I don't help myself either by you know.... just going to sleep. My mind seems to cope with things by purposely thinking of some of the most randomly pointless ideas it can to distract me. It especially likes to do this when all is quiet.
It tells me "let's not think of the rubbish side effects of antidepressants or the fact you can't get to work at that moment due to your mind being on some sort of strike. Instead let's watch a youtube video on how to best arrange your bathroom cupboard or wrap an awkwardly shaped present! We could even try to remember the name of your neighbour's dog when you were six years old or I could just hum to you." No wonder I was so wide awake with that kind of entertainment in my life :) But seriously, you can learn from my mistakes and I can let you know what seemed to work for me.
- The best thing I can think of (which I found the hardest) is to try sleeping, or at least be in bed, at normal sleep times. If you're in bed by say 11pm and get out of it at 8am whether you slept or not, you are still in some sort of routine.
- Try not to nap through the day. This can be such a challenge, I felt so ill that even trying to sit up straight or keep my eyes open seemed like a battle but I knew it was going to ruin my sleep pattern later on if this became my new routine.
- Try your best to wake up early and get out of bed (that is a massive mountain to climb and a huge achievement I know.) Even if you move from bed to sofa and have a glass of water it's a start
- In the beginning of a depressive episode you might nap a lot through the day (especially if your medication doesn't agree with you) and then lay wide awake at night or just not sleep anytime at all even though you're exhausted. You may need these few days of sleep and rest to start your recovery but they cannot become routine
- If you have the lovely side effect of tinnitus like myself it may be peaceful enough to sleep but all you can hear is a constant screeching buzz, which seems louder the quieter your environment is- white noise can help such as rainfall effects that you can find on Youtube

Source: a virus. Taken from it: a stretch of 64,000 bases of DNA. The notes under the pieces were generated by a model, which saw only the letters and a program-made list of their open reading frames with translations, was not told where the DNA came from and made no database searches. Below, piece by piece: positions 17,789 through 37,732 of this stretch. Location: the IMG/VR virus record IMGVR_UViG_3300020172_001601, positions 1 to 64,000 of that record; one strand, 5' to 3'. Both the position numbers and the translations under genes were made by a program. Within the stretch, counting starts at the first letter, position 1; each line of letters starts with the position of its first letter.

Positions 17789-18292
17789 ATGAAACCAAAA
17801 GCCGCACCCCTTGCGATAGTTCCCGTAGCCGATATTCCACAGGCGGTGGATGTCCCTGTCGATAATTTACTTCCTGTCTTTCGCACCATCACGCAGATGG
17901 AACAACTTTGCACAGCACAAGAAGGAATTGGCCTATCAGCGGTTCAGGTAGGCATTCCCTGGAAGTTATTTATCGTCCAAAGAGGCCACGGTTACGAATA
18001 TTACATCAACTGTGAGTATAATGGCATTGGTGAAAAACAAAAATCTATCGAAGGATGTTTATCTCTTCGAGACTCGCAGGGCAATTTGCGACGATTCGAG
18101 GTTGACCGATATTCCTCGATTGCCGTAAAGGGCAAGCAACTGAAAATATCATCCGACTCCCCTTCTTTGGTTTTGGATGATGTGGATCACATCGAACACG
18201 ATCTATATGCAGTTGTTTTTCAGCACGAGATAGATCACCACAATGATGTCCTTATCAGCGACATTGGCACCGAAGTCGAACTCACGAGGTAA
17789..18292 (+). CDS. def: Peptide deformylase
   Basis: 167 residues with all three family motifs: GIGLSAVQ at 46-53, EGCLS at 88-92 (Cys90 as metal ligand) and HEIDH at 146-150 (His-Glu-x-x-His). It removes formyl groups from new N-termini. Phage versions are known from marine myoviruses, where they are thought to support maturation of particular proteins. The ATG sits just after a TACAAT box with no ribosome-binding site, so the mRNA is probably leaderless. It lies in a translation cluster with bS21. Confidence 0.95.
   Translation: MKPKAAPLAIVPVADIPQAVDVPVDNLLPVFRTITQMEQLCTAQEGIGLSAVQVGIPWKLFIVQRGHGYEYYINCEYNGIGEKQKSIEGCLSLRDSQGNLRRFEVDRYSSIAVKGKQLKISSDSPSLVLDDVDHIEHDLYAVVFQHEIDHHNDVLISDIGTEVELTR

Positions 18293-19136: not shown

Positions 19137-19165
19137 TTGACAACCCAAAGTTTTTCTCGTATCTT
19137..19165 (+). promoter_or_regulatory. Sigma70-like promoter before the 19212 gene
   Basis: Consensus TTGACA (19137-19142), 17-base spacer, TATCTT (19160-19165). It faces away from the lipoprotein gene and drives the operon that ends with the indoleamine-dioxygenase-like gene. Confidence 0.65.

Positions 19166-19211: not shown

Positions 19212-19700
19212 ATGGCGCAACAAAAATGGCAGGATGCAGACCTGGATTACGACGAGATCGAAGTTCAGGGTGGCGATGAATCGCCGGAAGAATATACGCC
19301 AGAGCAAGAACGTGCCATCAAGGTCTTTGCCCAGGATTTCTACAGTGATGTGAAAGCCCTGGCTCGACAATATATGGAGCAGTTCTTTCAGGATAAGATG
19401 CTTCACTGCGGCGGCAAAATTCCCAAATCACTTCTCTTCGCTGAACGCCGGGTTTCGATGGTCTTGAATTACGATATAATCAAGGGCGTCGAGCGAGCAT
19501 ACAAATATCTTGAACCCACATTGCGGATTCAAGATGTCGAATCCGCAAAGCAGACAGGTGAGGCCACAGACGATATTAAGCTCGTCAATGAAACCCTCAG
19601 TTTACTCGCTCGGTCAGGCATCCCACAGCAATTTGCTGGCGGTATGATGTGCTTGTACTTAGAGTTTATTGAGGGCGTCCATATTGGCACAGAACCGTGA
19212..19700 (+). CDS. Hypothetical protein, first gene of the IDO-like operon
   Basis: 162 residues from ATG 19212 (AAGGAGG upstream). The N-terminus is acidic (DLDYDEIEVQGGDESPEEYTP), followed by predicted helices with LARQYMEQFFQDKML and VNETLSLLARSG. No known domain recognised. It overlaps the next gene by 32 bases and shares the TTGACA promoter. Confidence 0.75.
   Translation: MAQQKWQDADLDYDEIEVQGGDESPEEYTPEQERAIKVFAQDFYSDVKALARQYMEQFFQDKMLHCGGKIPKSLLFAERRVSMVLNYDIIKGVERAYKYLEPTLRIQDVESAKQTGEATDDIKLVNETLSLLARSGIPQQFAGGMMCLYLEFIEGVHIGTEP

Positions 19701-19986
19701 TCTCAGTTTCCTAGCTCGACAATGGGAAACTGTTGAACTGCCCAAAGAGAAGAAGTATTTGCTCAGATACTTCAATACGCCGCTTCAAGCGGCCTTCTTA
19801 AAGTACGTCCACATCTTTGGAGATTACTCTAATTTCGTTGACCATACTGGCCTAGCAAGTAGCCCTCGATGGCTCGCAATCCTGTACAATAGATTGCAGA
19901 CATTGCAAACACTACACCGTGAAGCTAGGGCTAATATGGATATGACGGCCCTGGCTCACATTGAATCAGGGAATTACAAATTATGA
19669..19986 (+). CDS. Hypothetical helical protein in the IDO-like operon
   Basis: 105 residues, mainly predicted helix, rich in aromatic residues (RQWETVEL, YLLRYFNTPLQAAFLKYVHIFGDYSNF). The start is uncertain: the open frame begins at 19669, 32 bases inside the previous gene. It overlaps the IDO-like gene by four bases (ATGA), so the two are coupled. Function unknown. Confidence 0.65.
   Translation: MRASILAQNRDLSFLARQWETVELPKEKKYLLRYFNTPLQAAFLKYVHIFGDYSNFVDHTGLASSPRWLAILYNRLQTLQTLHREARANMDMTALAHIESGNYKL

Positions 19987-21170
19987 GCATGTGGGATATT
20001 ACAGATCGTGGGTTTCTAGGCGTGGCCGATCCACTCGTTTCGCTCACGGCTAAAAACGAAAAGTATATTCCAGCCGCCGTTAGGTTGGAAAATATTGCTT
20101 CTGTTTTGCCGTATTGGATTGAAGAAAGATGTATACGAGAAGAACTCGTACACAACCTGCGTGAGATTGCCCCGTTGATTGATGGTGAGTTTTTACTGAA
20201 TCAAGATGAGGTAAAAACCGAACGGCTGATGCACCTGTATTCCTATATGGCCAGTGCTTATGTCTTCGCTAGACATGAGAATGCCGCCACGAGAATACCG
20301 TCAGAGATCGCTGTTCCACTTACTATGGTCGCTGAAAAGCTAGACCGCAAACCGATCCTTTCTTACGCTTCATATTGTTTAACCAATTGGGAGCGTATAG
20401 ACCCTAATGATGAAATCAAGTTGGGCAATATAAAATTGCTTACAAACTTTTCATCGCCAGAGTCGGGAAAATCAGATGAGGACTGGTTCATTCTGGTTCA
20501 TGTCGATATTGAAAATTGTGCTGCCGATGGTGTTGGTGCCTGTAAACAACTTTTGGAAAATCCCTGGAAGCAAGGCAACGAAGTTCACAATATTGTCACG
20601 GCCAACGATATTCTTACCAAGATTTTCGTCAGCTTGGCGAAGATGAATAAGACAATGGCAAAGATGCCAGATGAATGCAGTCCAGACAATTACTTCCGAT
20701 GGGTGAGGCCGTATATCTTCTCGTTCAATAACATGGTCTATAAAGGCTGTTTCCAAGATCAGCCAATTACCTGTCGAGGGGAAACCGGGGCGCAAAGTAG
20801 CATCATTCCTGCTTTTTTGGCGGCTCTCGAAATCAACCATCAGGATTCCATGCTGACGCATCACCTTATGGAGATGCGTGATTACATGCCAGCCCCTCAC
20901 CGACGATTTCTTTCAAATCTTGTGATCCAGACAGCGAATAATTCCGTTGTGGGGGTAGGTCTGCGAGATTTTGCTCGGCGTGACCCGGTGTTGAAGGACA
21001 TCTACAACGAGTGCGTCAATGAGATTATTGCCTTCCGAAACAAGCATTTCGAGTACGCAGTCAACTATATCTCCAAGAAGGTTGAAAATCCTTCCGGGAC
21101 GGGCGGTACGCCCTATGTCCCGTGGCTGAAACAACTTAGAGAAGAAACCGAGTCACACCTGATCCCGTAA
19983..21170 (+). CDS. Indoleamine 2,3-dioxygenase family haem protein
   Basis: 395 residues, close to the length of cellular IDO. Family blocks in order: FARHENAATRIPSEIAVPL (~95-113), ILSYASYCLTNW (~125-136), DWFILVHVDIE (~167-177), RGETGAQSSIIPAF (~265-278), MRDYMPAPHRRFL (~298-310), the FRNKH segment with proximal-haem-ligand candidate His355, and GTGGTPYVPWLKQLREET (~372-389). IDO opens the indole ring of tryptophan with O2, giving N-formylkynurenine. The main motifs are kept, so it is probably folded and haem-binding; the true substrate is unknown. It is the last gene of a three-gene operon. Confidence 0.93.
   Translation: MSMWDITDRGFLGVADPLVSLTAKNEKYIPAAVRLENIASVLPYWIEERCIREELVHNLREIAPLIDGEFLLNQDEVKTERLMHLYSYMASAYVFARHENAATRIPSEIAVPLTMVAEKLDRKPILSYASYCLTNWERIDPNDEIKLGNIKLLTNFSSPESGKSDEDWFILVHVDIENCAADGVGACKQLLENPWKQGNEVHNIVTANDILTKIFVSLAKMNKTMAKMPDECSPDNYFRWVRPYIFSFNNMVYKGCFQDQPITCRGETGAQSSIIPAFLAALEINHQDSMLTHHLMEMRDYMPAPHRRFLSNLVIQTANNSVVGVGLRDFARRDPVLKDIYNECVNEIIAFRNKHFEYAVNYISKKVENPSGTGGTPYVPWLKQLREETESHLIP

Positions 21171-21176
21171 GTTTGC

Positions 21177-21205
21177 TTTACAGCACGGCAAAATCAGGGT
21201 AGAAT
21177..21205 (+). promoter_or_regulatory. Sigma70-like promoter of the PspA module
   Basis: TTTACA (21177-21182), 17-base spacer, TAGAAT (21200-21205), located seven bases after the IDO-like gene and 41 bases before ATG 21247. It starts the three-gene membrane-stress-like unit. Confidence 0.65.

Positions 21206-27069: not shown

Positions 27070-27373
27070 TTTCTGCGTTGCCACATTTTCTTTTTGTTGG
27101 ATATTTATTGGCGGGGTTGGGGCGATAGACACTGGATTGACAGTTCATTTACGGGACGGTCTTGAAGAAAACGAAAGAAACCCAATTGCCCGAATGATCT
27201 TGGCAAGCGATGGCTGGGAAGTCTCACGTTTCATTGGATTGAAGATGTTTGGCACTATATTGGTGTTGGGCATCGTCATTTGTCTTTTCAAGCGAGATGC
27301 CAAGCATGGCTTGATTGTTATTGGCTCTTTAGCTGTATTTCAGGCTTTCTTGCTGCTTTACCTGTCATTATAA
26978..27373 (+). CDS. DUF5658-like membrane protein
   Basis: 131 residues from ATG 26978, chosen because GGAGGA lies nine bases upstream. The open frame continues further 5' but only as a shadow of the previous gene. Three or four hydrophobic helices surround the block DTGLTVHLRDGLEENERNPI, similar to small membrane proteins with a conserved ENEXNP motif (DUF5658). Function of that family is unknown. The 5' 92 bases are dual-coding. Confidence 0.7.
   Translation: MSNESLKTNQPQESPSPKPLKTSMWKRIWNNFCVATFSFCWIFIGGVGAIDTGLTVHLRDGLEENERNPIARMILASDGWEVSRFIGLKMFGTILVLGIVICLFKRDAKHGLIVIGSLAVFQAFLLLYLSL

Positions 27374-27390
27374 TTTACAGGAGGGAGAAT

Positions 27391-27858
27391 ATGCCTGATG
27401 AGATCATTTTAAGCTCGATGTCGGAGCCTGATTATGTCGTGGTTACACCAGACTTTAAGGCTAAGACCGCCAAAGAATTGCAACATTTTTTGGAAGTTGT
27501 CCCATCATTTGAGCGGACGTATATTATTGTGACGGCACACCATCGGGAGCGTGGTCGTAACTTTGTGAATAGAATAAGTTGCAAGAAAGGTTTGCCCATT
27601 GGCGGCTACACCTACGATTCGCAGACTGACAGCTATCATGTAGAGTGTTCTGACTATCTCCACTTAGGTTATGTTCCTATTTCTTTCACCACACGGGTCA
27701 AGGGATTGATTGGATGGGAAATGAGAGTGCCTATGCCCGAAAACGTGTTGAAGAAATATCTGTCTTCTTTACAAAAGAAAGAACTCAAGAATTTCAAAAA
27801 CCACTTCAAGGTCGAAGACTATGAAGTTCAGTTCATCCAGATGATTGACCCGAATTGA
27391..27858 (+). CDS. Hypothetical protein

- Cut down on caffeine and sugary snacks and drinks on an evening
- Make sure the room is dark and your bed, bedding and sleepwear is comfortable
- Put down the mobile, tablet or laptop and turn off the TV- blue light from these devices actually stimulates your mind to keep it awake (although I've always fallen asleep like this for years I know I need to break the habit)
- If you are having medication you may want to speak to your GP about whether it is causing you to sleep more or less as they may recommend a different dose or form of medication
I've always found sleep hard but this was a whole new level of exhaustion with no way of drifting off. It doesn't help that my mind started racing with nightmarish thoughts and things like feeling awful for not saying sorry when I accidently bumped into someone in a store 6 years ago! You know what I mean, right? It can go from "did I lock the doors" to "what if I just don't wake up tomorrow because I swear my body and mind are shutting down" and it's awful. If I do sleep I can have nightmares which seem more tiring than not sleeping. But I know that this is temporary.
Soon I'll get back into a normal sleep pattern, see things more clearly and be able to do more. I know I'll feel more physically healthy as well as energetic and get back to being me.
The truest thing I've seen so far about depression was this...
Depression is spending all day feeling tired,
Then spending all night being wide awake
After all this you still might not sleep but at least rest. Tomorrow will be a big day of kicking depression's butt!
So for tonight... I wish you sweet dreams.